MS: True or false, Louise draws all the animals and Gracia creates the collage?
GH: More true than false. Yes, Louise is at home with a 2B Staedtler pencil and a brush for colour wash, whilst I prefer a small pair of scissors, and my brush is for dipping in the glue jar. Our digital collages are a fusion of both, though they are created in similar layered vein to those created through fine cut and paste.
You've been creating and making for some time now?
True that, too. We’ve been making artists’ books together since 1999. Upon last count, we’ve released 87 titles (unique state artists’ books, and limited editions of 10, 25, and 50). How we work together has slowly changed to accommodate our ideas and we have distinct roles. However whilst these roles are distinct, they are above all flexible. Ultimately, whatever the work needs is how the roles are shaped. Our collaboration is as organic as it is fastidious, and it is founded in harmony.
You currently have work on display in an exhibition at the Mornington Peninsula Regional Gallery, entitled Birds: Flight paths in Australian art?
True. Indeed we do. Until the 12th of February, 2017, you can see our artists’ book, Prattle, scoop, trembling: a flutter of Australian birds on the gallery wall. In this piece, Louise’s drawings are created in response to the collage pieces. Hence, an Australian king-parrot (Alisterus scapularis) seen resting upon a man’s knee in a cabinet card composition, in the drawing appears within splendid foliage of red berries. In addition to this piece, we also have a print, Underneath Soane’s ‘star-fish’ ceiling, the library at No. 12 proved anything but quiet (2016), and Louise’s artists’ book, A Flight of Twelve Southern Hemisphere Birds (2013).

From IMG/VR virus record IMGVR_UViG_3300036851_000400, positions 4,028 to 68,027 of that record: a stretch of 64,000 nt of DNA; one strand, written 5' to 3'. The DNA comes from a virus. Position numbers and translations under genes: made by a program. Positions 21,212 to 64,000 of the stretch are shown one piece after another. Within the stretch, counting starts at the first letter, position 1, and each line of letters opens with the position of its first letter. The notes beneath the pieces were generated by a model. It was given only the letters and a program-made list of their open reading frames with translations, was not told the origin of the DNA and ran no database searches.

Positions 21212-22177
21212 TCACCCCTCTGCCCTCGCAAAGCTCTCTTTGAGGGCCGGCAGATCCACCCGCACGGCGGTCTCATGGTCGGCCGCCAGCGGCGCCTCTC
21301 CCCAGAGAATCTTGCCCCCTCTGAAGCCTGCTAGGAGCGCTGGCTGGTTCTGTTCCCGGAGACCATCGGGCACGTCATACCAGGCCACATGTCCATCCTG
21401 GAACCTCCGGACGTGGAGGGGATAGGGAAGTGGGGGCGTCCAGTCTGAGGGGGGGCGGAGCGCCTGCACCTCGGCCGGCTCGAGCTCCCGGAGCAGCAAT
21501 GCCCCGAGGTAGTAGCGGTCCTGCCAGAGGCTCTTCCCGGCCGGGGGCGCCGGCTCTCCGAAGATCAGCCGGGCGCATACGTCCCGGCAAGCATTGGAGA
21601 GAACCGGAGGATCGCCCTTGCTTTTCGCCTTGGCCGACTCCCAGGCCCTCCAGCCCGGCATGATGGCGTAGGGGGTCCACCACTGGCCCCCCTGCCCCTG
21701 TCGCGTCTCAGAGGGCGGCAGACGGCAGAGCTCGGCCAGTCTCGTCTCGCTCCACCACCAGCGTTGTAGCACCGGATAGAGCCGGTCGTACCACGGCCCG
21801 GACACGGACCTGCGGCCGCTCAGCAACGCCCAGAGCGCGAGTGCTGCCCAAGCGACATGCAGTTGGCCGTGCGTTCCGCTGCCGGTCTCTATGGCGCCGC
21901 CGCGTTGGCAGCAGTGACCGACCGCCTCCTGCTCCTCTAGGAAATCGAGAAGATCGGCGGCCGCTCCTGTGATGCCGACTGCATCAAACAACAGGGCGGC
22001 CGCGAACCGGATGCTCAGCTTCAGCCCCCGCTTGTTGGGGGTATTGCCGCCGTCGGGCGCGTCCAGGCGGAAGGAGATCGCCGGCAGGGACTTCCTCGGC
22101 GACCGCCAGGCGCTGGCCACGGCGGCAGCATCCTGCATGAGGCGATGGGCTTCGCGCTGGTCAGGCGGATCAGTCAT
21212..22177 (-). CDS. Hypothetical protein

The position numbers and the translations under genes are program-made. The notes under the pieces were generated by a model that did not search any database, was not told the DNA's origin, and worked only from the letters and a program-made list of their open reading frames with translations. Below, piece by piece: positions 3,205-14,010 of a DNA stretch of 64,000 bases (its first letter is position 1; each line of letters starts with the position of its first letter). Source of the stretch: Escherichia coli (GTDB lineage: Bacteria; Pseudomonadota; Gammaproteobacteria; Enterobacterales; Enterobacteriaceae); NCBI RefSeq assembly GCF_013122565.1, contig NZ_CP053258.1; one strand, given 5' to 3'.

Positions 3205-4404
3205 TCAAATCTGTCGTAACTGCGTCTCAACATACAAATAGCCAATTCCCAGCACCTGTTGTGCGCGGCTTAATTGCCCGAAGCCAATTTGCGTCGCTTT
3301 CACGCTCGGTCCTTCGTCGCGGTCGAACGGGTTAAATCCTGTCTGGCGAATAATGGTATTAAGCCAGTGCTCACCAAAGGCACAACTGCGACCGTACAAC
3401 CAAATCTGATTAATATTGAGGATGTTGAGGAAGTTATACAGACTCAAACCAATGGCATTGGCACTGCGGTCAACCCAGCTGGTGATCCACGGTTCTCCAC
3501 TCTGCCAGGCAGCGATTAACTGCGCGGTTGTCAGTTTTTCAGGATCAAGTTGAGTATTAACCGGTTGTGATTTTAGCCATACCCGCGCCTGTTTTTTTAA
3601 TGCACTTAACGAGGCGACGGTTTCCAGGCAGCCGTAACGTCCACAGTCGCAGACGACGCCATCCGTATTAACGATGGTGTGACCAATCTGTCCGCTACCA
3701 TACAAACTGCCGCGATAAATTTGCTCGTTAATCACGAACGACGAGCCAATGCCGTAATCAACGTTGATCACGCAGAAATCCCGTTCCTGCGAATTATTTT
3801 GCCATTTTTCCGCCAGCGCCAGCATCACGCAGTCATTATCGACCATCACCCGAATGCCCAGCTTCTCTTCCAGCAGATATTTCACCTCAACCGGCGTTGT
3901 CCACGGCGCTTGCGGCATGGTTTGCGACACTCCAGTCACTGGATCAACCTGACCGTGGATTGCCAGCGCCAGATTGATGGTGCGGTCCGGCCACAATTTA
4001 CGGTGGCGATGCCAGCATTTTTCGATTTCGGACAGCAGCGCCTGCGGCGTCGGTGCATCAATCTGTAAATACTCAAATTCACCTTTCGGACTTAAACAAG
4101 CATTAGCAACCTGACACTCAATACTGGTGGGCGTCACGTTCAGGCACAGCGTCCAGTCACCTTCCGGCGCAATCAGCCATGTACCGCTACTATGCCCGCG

You have, full-time, two cats and one dog (but perhaps a few others on the books)?
True. We have Olive (11-year-old black and white cat), Lenni (2-year-old Siamese cat), and Lottie (3-year-old Jack Russell terrier with the pins of an Italian greyhound). We also shelter Misha (11-year-old tabby), and care, with a neighbour, for Frank (9-year-old ginger tom), both of whom were abandoned. And two kittens we’ve nicknamed Trouble and Squeak come over to play in our back garden. A back garden that is also home to an elderly singing canary, and visiting bird (rainbow lorikeets, doves, and sparrows) and possum (brush and ringtail) life.
One of you used to dance and sort of still does?
True. Many moons ago now I donned a leotard and undertook classical ballet training through until late Secondary School years. Now I get to sit still and see a lot of dance, and later write about it for Fjord Review. And if hand weights in first position count, Barre Body classes for the head and the heart.
One of you is a very competent/confident home DIY-er?
True. Louise is brilliant with a spot of maintenance and property upkeep. Replacing washers, unblocking sinks, sawing branches, patching gutters, minor rewiring, replacing floorboards…. hovering the roof, polishing the chimneys, you name it. Must be that Art School resourcefulness coming into play.
You are both really looking forward to 2017?
True. True. Absolutely. Again. Here’s to a year with more of the good and challenging bits! For you, us, everyone.
And to help make it so, in something of a growing tradition, from all of us here to all of you there, chime and chirrup, sniff and purr along with the menagerie. From Olive, Lenni, Lottie, Misha, Frank, a singing canary named Tim, visiting Rainbow lorikeets, and the possums, Ring and Brush, too, a safe and happy 2017 one and all.
At 1 pm on Sunday the 5th of February, 2017, as part of Birds: Flight paths in Australian art, at Mornington Peninsula Regional Gallery, we’ll be talking about our artists’ book, Prattle, scoop, trembling: a flutter of Australian birds and other works
Image credit: Beloved Percy (4th of January, 2016)